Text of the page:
A "geometry of death" reverses the properties of living structure, while at the same time suppressing the mechanisms by which human beings connect to the world. The first component recognizes death outside of us--its rules are summarized as: an absence of the organized complexity found in organisms, and the presence of structural disorganization that marks their death and decomposition. This definition encompasses not only formerly living structures in the process of decomposing, but also structures that could never have been alive in the first place--what are commonly recognized as "alien" forms. An alien structure threatens us, making us anxious. Such structures do exert an undeniable fascination--this is the fascination children and adolescents have for things that scare them.

The second component of the "geometry of death" recognizes death within us. It indicates (or mimics) a failure of our cognitive mechanisms that is characteristic of the onset of our own death. Its purpose is: to reduce our physical experience of the world by providing insufficient information to understand our environment. The method of achieving this is to create spaces and surfaces that frustrate our sensory embedding within our surroundings. For human beings to be fully alive means more than just to metabolize and reproduce--it presupposes our sensing and understanding the world. If we are confronted with obvious physical structures around us, which we see but to which we cannot connect, such an environment threatens our conscious existence as embodied beings. The anxiety we feel reflects this loss of connectivity.

These two components suggest specific techniques for simulating the geometrical presence of "death" in buildings: (i) Dehumanizing structures and spaces--either too small or too large for a human being to relate to, built deliberately without a connective scaling hierarchy. (ii) Shapes that stand out from nature by lacking connective symmetries and attachment to the gravitational axis. (iii) Random, geometrically disconnected units that have no obvious means of support. (iv) Corners and sharp edges projecting toward us. (v) Sheer, empty surfaces without internal differentiations, which shift our perceptual attention to their edge--surfaces unresponsive or intentionally repulsive to our visual and tactile senses, and which can be drab and colorless, smooth or rough, or made of sleek materials such a shiny metal and glass.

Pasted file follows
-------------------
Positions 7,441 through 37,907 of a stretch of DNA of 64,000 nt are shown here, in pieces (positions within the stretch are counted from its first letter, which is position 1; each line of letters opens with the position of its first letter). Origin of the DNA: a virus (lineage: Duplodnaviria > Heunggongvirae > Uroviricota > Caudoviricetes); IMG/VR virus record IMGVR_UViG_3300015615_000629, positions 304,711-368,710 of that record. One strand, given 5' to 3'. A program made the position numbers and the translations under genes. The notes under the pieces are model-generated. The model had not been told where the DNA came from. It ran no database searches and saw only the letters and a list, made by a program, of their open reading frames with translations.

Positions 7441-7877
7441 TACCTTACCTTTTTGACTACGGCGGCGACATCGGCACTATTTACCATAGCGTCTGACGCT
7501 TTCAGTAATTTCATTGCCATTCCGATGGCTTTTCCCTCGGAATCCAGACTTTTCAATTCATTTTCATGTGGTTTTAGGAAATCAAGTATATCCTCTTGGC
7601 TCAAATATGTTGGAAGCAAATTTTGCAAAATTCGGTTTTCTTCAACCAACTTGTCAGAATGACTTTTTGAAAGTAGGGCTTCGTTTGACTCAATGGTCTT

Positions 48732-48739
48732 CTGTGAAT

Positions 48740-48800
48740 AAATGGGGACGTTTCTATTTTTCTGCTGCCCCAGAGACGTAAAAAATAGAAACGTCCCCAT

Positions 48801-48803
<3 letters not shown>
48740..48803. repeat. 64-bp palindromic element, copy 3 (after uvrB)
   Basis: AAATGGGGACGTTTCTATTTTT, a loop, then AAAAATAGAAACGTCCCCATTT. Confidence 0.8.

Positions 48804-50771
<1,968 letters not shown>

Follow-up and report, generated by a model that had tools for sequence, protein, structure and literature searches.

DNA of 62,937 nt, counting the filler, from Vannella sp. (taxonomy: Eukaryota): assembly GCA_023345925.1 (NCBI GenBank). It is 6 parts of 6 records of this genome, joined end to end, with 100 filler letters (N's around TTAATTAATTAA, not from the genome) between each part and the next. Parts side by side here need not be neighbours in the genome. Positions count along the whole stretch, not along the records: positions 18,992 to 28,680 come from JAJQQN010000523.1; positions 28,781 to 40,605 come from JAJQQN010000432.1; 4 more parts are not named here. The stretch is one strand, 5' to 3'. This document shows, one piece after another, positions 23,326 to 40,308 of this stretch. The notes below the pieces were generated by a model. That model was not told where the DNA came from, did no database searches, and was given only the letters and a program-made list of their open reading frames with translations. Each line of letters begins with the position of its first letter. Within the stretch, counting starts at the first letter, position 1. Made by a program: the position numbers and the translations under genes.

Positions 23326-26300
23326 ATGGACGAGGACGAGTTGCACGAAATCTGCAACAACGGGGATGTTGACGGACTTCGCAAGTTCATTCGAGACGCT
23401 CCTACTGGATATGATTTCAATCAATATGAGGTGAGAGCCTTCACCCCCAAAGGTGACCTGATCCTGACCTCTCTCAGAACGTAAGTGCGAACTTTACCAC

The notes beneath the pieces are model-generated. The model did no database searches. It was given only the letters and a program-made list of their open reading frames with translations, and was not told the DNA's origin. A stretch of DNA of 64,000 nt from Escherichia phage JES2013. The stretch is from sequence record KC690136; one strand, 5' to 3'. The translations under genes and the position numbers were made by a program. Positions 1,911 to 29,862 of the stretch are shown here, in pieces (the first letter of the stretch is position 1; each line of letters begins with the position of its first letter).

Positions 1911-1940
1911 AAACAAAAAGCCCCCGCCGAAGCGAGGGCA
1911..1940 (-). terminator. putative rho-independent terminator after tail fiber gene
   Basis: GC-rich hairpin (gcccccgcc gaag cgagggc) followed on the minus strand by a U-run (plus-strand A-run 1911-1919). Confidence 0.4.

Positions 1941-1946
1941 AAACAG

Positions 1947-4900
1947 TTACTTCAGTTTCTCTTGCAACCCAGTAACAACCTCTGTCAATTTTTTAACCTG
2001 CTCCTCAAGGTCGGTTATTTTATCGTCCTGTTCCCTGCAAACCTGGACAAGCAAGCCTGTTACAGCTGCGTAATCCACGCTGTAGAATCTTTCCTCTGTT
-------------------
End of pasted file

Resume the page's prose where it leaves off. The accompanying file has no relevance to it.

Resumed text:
A third component of the "geometry of death" is: to mimic the disorientation that comes about when we lose our ability for spatial navigation. Part psychological, part physiological, we possess a complex of senses that position us in the physical world and permit our locomotion. To deny this sense means to cut us off from our circulation realms. This is achieved via the techniques we have already mentioned, such as stairs that lead to nowhere; corridors that are arbitrarily cut; entrances or exits that are impossible to find; and, most of all, a deliberate circulation constrained by built structures that force us to walk in a direction different to what seems natural to us.

Although not the only architect working with the above rules to define a strikingly noticeable "style", Libeskind is certainly one of its most brilliant exponents. Of course, these rules are a well-kept trade secret, and have never, to our knowledge, been written down. They are applied with such confidence and deliberate intention that we find it hard to suppose that this is accidental, or that they could in any way be confused with their antithetical, "life-giving" rules.



Museum Proposal